The second analysis was a retrospective review of 93 patients with severe persistent allergic (IgE-mediated) asthma in a real-life clinical setting using pooled data from four UK centres. Patients had received omalizumab for ≥16 weeks. 76 were considered responders and included in the analyses. They were aged 14-74 years of age. 67.1% of patients were taking OCS prior to omalizumab2.

The third analysis was a retrospective review of patients with severe persistent allergic (IgE-mediated) asthma in a real-life clinical setting using pooled data from three UK centres. 50 patients (85%) were classified as responders and were included in the analysis. They were aged 18-74 years of age. At baseline, 32 of 47 of patients (68.1%) were receiving OCS (three of the 50 responders were missing OCS data)3.

In all three analyses, clinically significant improvements in quality of life were seen regardless of whether patients were, or were not, receiving maintenance OCS at baseline.

About omalizumab

Omalizumab is a humanised monoclonal antibody that blocks the action of immunoglobulin E (IgE), an antibody involved in the underlying mechanism of allergic asthma. By targeting IgE, omalizumab can prevent the onset of symptoms, such as shortness of breath and wheezing, in severely affected people9,10. Eligible patients must have a positive skin or blood test for a perennial aero-allergen, an FEV1< 80% (if over 12 years old) as well as frequent day time symptoms and/or night time awakenings11. It is administered as a subcutaneous (under the skin) injection every two to four weeks. Doses and frequency are determined by levels of total IgE in the blood, measured before the start of treatment, and will vary according to patient body weight (kg)11.

The majority of side effects of omalizumab are mild or moderate in severity. In adult and adolescent patients (aged 12 and over) the most commonly reported adverse events were injection site reactions, including injection site pain, swelling, itching and redness of the skin, and headaches11. In clinical trials in children (6 and less than 12 years), the most commonly reported adverse reactions suspected of being related to omalizumab were headaches, fever and upper abdominal pain11.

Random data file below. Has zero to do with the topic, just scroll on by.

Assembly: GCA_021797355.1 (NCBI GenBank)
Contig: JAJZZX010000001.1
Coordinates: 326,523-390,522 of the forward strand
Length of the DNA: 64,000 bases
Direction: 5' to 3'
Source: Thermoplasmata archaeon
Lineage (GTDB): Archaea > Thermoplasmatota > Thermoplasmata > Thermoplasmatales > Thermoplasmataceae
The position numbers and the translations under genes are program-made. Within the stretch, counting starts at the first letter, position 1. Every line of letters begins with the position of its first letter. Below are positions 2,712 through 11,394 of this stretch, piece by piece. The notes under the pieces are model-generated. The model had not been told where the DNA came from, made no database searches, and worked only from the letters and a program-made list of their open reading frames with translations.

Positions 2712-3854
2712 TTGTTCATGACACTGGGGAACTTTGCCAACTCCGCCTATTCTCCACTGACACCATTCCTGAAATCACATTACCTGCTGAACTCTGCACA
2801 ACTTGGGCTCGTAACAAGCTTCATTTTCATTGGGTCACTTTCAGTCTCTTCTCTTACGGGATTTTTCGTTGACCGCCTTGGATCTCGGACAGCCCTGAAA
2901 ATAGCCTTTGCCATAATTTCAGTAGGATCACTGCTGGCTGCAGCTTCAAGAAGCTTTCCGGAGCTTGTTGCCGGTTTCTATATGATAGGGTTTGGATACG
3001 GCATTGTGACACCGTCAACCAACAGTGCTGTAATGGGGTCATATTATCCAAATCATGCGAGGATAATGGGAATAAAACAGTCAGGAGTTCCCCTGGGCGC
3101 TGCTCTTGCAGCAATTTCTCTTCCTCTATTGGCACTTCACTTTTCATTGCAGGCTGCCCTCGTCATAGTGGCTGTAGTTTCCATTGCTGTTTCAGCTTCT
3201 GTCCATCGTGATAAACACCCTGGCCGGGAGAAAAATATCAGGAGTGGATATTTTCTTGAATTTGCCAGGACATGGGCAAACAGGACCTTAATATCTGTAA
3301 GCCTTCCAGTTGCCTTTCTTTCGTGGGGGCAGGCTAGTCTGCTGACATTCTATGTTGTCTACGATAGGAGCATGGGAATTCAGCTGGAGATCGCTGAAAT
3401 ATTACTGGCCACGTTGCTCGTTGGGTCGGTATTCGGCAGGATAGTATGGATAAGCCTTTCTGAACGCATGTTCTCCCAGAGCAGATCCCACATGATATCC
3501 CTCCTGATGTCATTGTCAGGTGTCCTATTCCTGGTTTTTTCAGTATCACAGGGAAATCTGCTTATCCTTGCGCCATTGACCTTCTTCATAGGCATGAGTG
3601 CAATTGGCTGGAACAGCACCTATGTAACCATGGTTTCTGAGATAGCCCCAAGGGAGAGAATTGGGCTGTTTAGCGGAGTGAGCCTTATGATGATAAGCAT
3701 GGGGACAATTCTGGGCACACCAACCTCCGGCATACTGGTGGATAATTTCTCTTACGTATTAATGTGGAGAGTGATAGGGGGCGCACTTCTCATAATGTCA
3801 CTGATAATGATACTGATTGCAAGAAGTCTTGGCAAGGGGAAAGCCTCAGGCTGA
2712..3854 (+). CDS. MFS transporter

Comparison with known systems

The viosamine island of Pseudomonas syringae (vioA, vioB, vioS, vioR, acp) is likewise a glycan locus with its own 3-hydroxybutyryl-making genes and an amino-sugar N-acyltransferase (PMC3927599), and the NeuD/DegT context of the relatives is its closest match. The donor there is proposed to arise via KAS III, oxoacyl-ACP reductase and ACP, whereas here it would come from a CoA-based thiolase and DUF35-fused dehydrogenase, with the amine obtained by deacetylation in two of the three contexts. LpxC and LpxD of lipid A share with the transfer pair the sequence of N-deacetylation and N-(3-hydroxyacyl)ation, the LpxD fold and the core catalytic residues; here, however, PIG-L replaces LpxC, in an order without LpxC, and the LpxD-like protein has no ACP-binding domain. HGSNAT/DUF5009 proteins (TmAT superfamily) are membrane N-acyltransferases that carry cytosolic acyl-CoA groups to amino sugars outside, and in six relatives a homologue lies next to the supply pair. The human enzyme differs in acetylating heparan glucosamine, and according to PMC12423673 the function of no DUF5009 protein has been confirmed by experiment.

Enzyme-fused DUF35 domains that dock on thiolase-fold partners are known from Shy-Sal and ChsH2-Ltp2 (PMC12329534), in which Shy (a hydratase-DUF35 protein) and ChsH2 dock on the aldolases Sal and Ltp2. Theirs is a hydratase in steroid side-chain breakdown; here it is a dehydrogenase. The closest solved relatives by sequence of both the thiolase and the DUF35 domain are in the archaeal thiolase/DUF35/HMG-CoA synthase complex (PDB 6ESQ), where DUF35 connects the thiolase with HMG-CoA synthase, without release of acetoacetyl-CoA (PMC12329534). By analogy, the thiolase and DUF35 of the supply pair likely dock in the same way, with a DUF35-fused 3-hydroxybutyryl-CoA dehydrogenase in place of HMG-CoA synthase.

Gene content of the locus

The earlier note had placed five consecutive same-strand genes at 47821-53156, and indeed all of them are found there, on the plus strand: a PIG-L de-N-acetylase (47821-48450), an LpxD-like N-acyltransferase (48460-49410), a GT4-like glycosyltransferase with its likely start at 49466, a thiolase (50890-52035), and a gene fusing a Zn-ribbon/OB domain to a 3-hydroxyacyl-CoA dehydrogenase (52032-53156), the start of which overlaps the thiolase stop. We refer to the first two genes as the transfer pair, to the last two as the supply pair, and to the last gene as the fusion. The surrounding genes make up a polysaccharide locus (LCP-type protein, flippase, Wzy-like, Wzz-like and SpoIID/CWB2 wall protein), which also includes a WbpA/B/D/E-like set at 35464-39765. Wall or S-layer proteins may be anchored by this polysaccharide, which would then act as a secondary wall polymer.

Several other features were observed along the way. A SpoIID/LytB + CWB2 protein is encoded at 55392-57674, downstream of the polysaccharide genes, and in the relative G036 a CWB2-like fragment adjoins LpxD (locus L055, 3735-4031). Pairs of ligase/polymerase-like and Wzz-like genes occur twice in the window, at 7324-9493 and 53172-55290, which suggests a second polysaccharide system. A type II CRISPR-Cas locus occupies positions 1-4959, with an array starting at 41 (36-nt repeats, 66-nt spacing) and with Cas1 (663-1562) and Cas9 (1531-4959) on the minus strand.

In the UK, omalizumab is currently indicated as add-on therapy to improve asthma control in adults and children (≥6 years) with severe persistent allergic asthma who remain uncontrolled despite daily high-dose inhaled steroids plus a long-acting inhaled β2-agonist11.

Source

1 Masoli M et al. “Omalizumab improves lung function in severe persistent allergic (IgE-mediated) asthma patients: pooled data from five UK centres”. Presented at the European Respiratory Society Annual Congress, -5 September 2012, Vienna, Austria

2 Britton M et al. “Real-life effectiveness of omalizumab in patients with severe persistent allergic (IgE-mediated) asthma: pooled data from four UK centres”. Presented at the European Respiratory Society Annual Congress, -5 September 2012, Vienna, Austria

3 Britton M et al. “Long-tem effectiveness of omalizumab in patients with severe persistent allergic (IgE-mediated) asthma: pooled data from three UK centres”. Presented at the European Respiratory Society Annual Congress, -5 September 2012, Vienna, Austria

4 Novartis Data on File

5 Asthma UK. Facts for journalists. Available here. Last accessed: August 2012

6 Busse W et al. “Effect of omalizumab on the need for rescue systemic corticosteroid treatment in patients with moderate-to severe persistent IgE-mediated allergic asthma: a pooled analysis”. Current Medical Research and Opinion. 2009;23(10):2379–2386

7 Walsh L et al. ”Adverse effects of oral corticosteroids in relation to dose in patients with lung disease. Thorax”. 2001;56:279-84

8 National Institute for Health and Clinical Excellence. Final appraisal determination – omalizumab for severe persistent allergic asthma in adults and adolescents (12 years and older). Issue date: November 2007. Available here. Last accessed: August 2012

9 Korn S et al. “Omalizumab in patients with severe persistent allergic asthma in a real-life setting in Germany”. Respiratory Medicine. 2009;103:1725-1731

10 Humbert et al. “Benefits of omalizumab as ad-on therapy in patients with severe persistent asthma who are inadequately controlled despite best available therapy (GINA 2002 step 4 treatment): INNOVATE”. Allergy. 2005;60:309-316

11 Xolair SPC. Available here. Last accessed: August 2012

Source: Novartis